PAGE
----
We were done. Aaron, Paul, and I had just trekked back to the Jeep as the Wyoming sunset burned across the western sky. As I dropped my pack in the seat I felt my back muscles relax. After six days of hiking my enthusiasm was about gone.
It had been an amazing trip. We had hiked and walked more than twenty five miles chasing some amazing animals. I met new friends and experienced new terrain. I was fulfilled, but exhausted.
As I sank into the backseat and breathed out a final sigh, my heart sank for Aaron sitting in front of me. We were out of time and even though we’d had plenty of opportunities during the week, we simply weren’t able to get him in position to take a good shot.
He was full hearted, but empty handed. I was beat and there was no doubt that by the time we made it back to civilization that my muscles would be as stiff as a statue.
We topped a rise and came around a bend when suddenly the Jeep lurched forward. Paul slammed on the brakes and shouted: “ANTELOPE!”
Aaron and I both turned in the direction that Paul was pointing. Moving at full speed only 400 yards out was a herd of twenty pronghorn. We caught them just before they disappeared behind a hill.
In the blink of an eye Aaron was out of the car, gun in one hand, binoculars in the other, running full speed up the sharp incline. This just might have been the moment he’d been waiting for all week. If he could get to the top of the rise he may have a chance at the lead buck as the herd came around the other side.
I’m not really sure what happened next. I sat staring out the window at Aarons tall frame scaling the rocks in a hurried ascent. Then something snapped. Before my mind could really catch up to my body I was moving. I bailed out of the backseat and took off after Aaron. It was as if his adrenaline was contagious and, even though my body was spent, I was flying up the side of the hill before I knew it. Within seconds I crested the hill and caught one last glimpse of the herd as it ran into the sunset.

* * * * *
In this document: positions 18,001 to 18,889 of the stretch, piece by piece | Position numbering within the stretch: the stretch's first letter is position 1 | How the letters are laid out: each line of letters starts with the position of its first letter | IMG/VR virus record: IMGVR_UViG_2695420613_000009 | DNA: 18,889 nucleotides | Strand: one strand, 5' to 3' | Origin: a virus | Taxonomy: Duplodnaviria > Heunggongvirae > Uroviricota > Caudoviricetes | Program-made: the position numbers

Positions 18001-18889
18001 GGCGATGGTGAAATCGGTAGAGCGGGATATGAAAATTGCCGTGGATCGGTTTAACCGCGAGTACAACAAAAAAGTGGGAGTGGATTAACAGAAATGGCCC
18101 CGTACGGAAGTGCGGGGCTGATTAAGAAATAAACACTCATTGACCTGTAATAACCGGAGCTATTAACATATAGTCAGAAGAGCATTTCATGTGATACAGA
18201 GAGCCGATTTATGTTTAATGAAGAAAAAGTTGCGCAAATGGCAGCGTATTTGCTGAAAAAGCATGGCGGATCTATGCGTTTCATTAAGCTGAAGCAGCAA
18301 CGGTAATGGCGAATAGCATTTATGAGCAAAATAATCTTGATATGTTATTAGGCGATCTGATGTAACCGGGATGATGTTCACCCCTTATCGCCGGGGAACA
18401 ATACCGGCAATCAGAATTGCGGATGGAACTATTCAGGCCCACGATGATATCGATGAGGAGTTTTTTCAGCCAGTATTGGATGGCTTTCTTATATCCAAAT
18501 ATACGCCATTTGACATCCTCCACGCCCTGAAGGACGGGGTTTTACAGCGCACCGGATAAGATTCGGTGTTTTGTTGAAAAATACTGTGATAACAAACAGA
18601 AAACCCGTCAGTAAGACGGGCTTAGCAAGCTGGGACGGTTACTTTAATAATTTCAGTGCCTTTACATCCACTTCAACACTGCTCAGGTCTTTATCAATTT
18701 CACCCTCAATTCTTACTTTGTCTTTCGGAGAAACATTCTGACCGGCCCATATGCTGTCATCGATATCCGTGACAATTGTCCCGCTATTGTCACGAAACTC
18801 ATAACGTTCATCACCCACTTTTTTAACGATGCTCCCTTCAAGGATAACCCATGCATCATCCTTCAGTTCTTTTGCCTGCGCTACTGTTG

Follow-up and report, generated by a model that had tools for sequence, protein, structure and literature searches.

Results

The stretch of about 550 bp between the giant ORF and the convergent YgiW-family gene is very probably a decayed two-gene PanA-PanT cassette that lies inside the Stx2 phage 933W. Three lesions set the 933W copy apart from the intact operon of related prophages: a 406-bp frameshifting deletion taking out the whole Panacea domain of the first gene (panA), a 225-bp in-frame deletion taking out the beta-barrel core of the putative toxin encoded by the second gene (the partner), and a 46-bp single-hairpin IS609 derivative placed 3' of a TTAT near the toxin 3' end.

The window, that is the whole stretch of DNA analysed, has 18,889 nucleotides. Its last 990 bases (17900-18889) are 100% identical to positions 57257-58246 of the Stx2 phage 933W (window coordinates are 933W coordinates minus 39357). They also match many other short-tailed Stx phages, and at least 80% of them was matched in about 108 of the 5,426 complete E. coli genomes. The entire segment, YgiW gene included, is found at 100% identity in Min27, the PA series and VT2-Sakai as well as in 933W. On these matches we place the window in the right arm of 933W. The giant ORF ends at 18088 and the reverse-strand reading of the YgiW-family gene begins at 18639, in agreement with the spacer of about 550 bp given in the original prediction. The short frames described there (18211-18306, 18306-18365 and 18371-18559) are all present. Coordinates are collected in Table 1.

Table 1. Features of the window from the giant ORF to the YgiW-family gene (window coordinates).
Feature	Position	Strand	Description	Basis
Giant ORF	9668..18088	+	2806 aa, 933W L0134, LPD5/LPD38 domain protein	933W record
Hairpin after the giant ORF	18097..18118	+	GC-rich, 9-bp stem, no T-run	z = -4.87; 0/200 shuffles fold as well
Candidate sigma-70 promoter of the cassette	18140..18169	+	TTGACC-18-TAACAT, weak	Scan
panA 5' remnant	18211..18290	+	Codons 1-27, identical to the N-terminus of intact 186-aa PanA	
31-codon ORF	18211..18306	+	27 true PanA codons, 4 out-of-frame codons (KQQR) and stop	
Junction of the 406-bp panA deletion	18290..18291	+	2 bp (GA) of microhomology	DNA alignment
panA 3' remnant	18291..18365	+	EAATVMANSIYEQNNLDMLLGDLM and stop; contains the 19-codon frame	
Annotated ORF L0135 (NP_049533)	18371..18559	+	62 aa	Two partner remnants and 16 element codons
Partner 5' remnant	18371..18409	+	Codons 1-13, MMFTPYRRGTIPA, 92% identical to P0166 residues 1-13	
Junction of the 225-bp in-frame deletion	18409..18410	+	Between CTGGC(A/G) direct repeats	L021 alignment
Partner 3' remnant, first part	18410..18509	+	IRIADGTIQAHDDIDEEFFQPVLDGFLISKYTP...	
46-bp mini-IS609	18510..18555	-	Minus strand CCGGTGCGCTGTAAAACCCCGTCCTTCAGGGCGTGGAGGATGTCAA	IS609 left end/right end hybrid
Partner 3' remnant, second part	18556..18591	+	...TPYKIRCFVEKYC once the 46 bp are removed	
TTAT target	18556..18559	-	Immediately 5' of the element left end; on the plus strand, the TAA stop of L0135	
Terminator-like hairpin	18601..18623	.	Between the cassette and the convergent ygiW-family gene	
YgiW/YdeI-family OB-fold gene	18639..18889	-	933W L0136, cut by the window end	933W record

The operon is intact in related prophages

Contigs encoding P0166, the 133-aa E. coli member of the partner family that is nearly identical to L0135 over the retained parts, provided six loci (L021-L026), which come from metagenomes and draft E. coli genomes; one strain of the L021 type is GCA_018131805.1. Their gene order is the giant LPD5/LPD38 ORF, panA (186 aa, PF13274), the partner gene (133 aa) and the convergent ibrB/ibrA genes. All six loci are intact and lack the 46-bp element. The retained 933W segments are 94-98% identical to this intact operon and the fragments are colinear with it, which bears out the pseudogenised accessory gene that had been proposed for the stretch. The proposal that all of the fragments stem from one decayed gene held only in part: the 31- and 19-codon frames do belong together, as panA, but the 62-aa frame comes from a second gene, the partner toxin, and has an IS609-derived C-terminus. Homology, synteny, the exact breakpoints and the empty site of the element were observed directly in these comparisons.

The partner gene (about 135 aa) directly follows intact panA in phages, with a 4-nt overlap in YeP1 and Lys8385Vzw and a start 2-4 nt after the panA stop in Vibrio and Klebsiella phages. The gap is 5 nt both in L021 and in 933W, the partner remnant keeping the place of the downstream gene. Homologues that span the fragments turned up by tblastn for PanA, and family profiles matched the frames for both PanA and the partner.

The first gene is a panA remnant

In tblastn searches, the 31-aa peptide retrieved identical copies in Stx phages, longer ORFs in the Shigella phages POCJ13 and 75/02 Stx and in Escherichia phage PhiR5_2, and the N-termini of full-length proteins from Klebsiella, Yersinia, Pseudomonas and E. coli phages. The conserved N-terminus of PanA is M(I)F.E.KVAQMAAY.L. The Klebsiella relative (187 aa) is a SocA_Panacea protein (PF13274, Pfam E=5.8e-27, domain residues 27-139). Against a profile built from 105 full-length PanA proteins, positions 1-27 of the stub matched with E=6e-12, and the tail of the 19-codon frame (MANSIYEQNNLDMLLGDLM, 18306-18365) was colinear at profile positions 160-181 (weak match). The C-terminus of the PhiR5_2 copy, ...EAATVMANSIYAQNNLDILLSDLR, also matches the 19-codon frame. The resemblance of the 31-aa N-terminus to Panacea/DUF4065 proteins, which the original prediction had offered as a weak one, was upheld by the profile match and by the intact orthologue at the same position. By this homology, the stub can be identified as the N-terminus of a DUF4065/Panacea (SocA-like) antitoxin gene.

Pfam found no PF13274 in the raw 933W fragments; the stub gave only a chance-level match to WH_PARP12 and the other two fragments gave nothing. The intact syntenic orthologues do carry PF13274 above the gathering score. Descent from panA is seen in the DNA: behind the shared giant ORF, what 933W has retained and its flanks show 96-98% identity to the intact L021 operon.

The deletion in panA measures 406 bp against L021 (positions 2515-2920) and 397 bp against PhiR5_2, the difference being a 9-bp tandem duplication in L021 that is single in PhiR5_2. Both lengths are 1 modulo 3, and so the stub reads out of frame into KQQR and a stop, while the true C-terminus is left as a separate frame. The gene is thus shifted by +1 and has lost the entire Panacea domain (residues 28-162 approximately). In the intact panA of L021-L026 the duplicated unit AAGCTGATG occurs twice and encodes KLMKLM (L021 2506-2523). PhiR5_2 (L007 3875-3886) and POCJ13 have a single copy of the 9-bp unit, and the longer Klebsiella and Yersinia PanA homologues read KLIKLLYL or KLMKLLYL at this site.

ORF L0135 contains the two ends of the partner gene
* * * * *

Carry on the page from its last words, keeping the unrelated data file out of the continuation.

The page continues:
Aaron never got his shot that day, but that quick contact with the thundering herd left me thinking.
All week long we had walked. We had diligently planned our routes to conserve calories. We had been intentional in our steps as we climbed on the steep, snow covered, rocky slopes. We had crouched and crawled as we approached overlooks and drop-offs in an attempt to catch the herd off guard. Almost every move we’d made all week had been calculated. But in the blink of an eye, when the adrenaline was flowing, there was no time for calculating… only action.
There are moments in which you must be calculated and cautious as you walk through life. In fact, the majority of the time, when you move through life with intentionality rather than impulse you will achieve more. There are, however, times in life when you have to just RUN!
The question is, will you be ready for those moments? Do you know your passion well enough to sense when the moment is right and seize a great opportunity and experience something amazing?
Keep walking. Keep being intentional. But be ready to run when the time is right. One quick burst may be all you need to seize an opportunity and find the fulfillment you are chasing.